New LO206 based kart LEVO Concept

briggs206

(Mike Clark) #1

Take a look @ this and let me know what you think.

Conceptually it is like owning your own rental kart that the general public hasn’t destroyed yet. It solves some of the problems for a certain niche of potential kart owners. I am going to drive it soon and might buy. I am thinking it has a definite place.


(Nik Goodfellow) #2

Is that CVT on the side of the engine?


(Dom Callan) #3

Not sure I get it… it’s an lo206 that has somehow be modified to have low end grunt? Outside of a spec series, you wouldn’t be able to race anyone else.

Wait it’s an animal


(Mike Clark) #4

yes, heven’t seen it in person yet.


(Dom Callan) #5

Seems cool. But is there a series for it?


(Mike Clark) #6

Dom, the whole concept is more entry level friendly, less wrenching. Same for any engine class for the most part. If we get a few locally we can have a class.

Here some verbiage one it.
The product. LEVO-SPEC What is it?

100% Sealed Briggs 206 that accelerates as hard as a stock Cr 125cc shifter in the first 30ft while still maintaining current 206 top speeds!

Designed patented C-V system ( ZERO sprocket changes) track size large to small is irrelevant!!!

Specifically designed spec sealed kart chassis with Every component down to bearings being the same: seat strength, size, placement, rims, tires etc.

Extremely low adjustability- the only chassis adjustments that can be made are track width front/rear, Tire psi, weight distribution, and alignment. The only engine adjustments that can be made are valve lash, carburetor float height and needle height. Rules follow latest Briggs rules set!

Ultra LOW MAINTENANCE
Competitive engine life span 5-6 race SEASONS with occasional valve adjustments.

1/2 the investment of a traditional Briggs 206 class.

How and why?

  1. The C-V system automatically selects the correct corresponding gear ratio to achieve peak performance every millisecond so there is no need to buy front & rear Sprockets, clutches, and chains.
  2. The variety of tunable parts are no longer necessary since this class and its entirety are sealed.

In our case It would fill a void we have of letting someone drive a kart that we own. None of the karts we have are practical for that purpose. It is corporate entertainment in this case. Just like taking a client to any other event.


(Dom Callan) #7

Well it seems like a great option for rental karts that are “better”. Sorta like jim hall (Iame 100cc) and okc speedy karts (Honda gx 390). I’d drive em for sure if you had a facility that did arrive and drive series! Or even just time attack competing against other patrons.


(James McMahon) #8

I always wanted to build an Aixro with a CVT myself…

The LEVO is by Greg Lacoste who I think is behind the pin-it sprocket as well. It’s a 206 with a CVT and some other ideas. It’s a bit “hypey” in some ways, but his heart is in the right place.

Here’s a couple of videos.

Original facebook post in Briggs 206 racers.

Text from that post:

NEW PRODUCT RELEASE ANNOUNCEMENT for 2019

Good evening everyone!

I’m pleased to announce our latest product!!! This product defies what is possible for low cost Karting to new comers instead of accepting the current platform . It was worth all the sleepless nights, 18 hour work days, bloody hands, spending the money I didn’t have and Sacrificing time with my wife and kids. My immense passion for the sport are what drove me to grow karting at its core! I have condensed every personal experience from Karting to open wheels to form a product that is appealing to the new comer and veteran karters alike.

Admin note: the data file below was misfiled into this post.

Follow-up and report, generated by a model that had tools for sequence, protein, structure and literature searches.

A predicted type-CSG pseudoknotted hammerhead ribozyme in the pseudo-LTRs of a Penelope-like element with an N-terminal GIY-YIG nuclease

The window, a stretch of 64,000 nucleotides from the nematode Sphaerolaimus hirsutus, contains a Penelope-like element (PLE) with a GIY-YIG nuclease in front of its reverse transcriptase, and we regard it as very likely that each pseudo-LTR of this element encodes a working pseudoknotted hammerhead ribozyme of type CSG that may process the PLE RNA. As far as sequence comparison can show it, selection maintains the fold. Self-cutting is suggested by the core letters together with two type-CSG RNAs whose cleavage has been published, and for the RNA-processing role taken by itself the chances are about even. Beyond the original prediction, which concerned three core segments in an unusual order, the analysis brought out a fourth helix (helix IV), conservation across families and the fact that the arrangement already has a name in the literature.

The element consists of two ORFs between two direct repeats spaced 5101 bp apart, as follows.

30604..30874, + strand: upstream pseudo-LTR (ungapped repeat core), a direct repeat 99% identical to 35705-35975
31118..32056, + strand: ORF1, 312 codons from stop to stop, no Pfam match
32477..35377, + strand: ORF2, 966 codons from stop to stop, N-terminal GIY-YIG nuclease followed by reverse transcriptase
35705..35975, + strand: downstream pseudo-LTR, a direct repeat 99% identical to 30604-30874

The product. LEVO 206 Spec What is it?

100% Sealed Briggs 206 that accelerates as hard as a stock Cr 125cc shifter in the first 30ft while still maintaining current 206 top speeds!

Designed patented C-V system ( ZERO sprocket changes) track size large to small is irrelevant!!!

Specifically designed spec sealed kart chassis with Every component down to bearings being the same: seat strength, size, placement, rims, tires etc.

Extremely low adjustability- the only chassis adjustments that can be made are track width front/rear, Tire psi, weight distribution, and alignment. The only engine adjustments that can be made are valve lash, carburetor float height and needle height. Rules follow latest Briggs rules set!

Ultra LOW MAINTENANCE
Competitive engine life span 5-6 race SEASONS with occasional valve adjustments.

1/2 the investment of a traditional Briggs 206 class.

How and why?

  1. The C-V system automatically selects the correct corresponding gear ratio to achieve peak performance every millisecond so there is no need to buy front & rear Sprockets, clutches, and chains.
  2. The variety of tunable parts are no longer necessary since this class and its entirety are sealed.
  3. Father and son or daughter (12 years and older can now share one kart!) The seat size is XXL. The kart comes with a removable injection foam mold that forms to the contours to his or hers body to the inside of the seat. Gas and brake peddles are on quick release adjusters.
  4. Only transportation requirements is a Pick-up truck. Let’s face it. Racing is a huge commitment that any new comer is faced with; However, it doesn’t have to be. For any individual that wants to go racing with their family it’s a serious investment to buy a trailer and have a big enough truck or suv to pull it along with FUEL costs and wear and tear on their vehicles to even show up at a race. Spare parts such as rims, axles, bodywork, toolboxes, scales etc are no longer needed. Dealers of the LEVO 206 SPEC and or tracks will provide SPEC parts and support! Tools associated with maintaining the kart will be sold with the kart.
  5. Necessity vs Staying in front of technology: A Mychron 5 is a wonderful and extremely informative telemetric and timing tool. This is not necessary for the new guys. We supply a lap timer/hour meter. A Lap timer is the biggest tool and the only necessity the new guys should have.

Who needs to thrive for Karting to prosper?

  1. Tracks and sanctioning organizations!

20 entry’s per Levo spec 206 class for seniors and juniors
40 entry total x $100 per entry= $4000 per race weekend x 12 race weekends = $48,000 per race season.

  1. The parents of the young!

600 dollars is the average amount spent on family fun per month. Karting cost is now on the same level of cost and fun as baseball, soccer, basketball, fishing, golf, dance or cheerleading.

  1. Inspiring the young with fun.

Current 206 platform is undoubtedly a very slow class with very little acceleration properties. This turns many newcomers away from the conventional 206 class. unfortunately that’s the only option available at that price point! Not anymore!